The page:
There's yet another in this spring’s bumper crop of bills proposed on Capitol Hill to benefit livestock (and insect) haulers by relaxing the electronic logging device rule and also, in some cases, easing the hours of service rules specifically for this class of truckers.
The Modernizing Agricultural Transportation Act, introduced in bipartisan fashion by farm state Sens. John Hoeven (R-ND) and Michael Bennet (D-CO), would reform both the ELD and HOS rules— and for a nice kicker, would further delay enforcement of the ELD on livestock haulers until the actions that would be required under the bill are formally proposed by the Department of Transportation.
According to Sen. Hoeven’s office, the bill would “establish a working group at DOT to identify obstacles to the safe, humane and market-efficient transport of livestock and, within one year of the group’s establishment, develop guidelines for regulatory or legislative action to improve the transportation of these commodities.”
The working group would consist of representatives from the transportation and agriculture industries, as well as the Department of Agriculture, and would be required to consider:
- The impact, incompatibilities and other challenges and concerns of existing HOS rules and ELD rules under the Federal Motor Carrier Safety Administration on the commercial transport of livestock, insects and agricultural commodities.
- Initiatives and regulatory changes that maintain and protect highway safety and allow for the safe, efficient and productive marketplace transport of livestock, insects and agricultural commodities.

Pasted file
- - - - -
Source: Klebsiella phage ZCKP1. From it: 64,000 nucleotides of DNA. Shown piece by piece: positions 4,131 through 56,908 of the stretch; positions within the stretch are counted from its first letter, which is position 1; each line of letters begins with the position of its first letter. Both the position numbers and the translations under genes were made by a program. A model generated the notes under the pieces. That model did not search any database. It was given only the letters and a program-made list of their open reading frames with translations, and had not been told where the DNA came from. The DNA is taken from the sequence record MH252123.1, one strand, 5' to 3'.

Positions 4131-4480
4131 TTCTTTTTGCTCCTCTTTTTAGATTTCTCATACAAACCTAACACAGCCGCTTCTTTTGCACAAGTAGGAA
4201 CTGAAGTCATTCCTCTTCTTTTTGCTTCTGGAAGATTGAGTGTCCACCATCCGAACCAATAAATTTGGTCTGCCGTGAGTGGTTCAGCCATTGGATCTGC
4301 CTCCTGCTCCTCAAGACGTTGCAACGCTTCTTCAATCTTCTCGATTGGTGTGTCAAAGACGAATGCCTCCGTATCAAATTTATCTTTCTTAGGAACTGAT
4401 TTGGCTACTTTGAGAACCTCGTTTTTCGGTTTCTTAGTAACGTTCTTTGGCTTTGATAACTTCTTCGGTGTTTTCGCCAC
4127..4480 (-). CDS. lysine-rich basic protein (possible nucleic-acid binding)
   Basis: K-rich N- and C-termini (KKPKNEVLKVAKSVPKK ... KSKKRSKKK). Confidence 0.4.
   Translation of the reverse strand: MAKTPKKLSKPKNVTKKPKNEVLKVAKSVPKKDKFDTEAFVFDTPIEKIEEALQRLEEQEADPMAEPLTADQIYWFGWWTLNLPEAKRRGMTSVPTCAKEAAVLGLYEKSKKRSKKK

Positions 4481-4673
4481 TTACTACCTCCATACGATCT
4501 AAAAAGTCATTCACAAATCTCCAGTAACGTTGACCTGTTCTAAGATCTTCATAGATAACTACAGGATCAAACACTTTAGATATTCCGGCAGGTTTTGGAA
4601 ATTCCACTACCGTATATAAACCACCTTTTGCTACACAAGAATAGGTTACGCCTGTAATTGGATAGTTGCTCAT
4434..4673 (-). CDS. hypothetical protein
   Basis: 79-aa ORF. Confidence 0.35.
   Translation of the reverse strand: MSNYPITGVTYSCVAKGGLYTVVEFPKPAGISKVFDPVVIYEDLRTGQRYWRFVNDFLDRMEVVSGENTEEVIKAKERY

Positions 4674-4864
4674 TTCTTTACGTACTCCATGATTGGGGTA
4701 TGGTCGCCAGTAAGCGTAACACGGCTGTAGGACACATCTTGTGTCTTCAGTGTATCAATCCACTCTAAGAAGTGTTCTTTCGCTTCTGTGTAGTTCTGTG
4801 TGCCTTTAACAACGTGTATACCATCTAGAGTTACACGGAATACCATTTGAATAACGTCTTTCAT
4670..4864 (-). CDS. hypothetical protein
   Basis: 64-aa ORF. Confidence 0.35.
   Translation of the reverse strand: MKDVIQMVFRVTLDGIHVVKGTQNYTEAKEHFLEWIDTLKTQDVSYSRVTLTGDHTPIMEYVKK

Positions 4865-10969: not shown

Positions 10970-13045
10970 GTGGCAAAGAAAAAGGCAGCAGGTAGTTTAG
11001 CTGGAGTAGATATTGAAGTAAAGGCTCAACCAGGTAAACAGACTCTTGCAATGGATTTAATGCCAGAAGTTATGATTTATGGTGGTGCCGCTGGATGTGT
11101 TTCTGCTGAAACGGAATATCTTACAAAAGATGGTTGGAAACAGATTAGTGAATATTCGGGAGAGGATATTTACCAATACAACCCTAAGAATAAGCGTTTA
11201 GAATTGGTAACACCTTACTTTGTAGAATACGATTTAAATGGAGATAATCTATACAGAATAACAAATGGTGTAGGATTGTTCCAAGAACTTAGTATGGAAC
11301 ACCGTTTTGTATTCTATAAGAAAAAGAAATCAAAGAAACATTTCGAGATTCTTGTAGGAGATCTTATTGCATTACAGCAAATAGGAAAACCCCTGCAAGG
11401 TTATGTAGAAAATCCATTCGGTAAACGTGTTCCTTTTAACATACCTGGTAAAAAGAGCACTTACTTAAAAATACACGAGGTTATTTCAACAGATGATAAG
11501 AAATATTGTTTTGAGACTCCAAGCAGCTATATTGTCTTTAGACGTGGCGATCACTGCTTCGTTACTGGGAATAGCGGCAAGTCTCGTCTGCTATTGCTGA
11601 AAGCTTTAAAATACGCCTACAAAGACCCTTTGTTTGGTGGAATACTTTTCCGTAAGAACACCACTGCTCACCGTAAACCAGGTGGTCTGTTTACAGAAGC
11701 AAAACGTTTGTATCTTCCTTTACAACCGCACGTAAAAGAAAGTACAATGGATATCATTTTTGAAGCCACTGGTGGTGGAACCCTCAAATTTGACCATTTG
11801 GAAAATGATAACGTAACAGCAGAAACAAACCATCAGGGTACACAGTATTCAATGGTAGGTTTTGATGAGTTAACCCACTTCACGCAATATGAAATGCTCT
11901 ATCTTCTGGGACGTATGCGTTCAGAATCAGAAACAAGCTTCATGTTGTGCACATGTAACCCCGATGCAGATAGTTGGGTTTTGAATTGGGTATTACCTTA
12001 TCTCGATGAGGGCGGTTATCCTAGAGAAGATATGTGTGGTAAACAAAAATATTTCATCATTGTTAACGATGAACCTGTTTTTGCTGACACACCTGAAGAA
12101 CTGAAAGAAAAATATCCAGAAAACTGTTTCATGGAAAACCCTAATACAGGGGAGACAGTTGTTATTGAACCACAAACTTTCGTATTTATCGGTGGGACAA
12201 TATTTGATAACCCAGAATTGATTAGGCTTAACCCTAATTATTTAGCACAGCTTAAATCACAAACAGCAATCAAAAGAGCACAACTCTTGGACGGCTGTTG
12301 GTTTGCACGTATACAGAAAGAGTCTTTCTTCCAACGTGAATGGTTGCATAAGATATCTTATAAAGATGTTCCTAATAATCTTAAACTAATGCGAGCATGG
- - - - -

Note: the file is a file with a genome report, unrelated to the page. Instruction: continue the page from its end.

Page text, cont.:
- Other related issues that the transportation secretary considers appropriate.
Within 120 days of receiving the working group’s report, the transportation secretary would be required to propose regulatory changes to the HOS and ELD regulations, “taking into account the findings and recommendations of the working group.”
“Improving highway safety is an important goal, but the rules we put in place must recognize the very real challenges faced by those who haul livestock and other perishable commodities,” said Hoeven. “Our legislation would delay enforcement while ensuring that the HOS and ELD rules are reformed with the concerns of all impacted stakeholders taken into account. That means providing a permanent, flexible solution that both strengthens safety and ensures the humane transportation of livestock.”
“Our bipartisan legislation will provide Colorado’s farmers and ranchers a seat at the table to help develop sensible rules around the transportation of agricultural goods,” said Sen. Bennet. “It is important that we maintain safe roads for all, while also recognizing the unique flexibility needed for the transportation of Colorado’s agriculture products.
No trucking interest groups are listed as supporting the Modernizing Agricultural Transportation Act. Groups that are supporting the bill include the National Pork Producers Council, National Cattlemen’s Beef Association, United States Cattlemen’s Association, Livestock Marketing Association, American Farm Bureau Federation, the American Honey Producers Association, and the Rocky Mountain Farmer’s Union.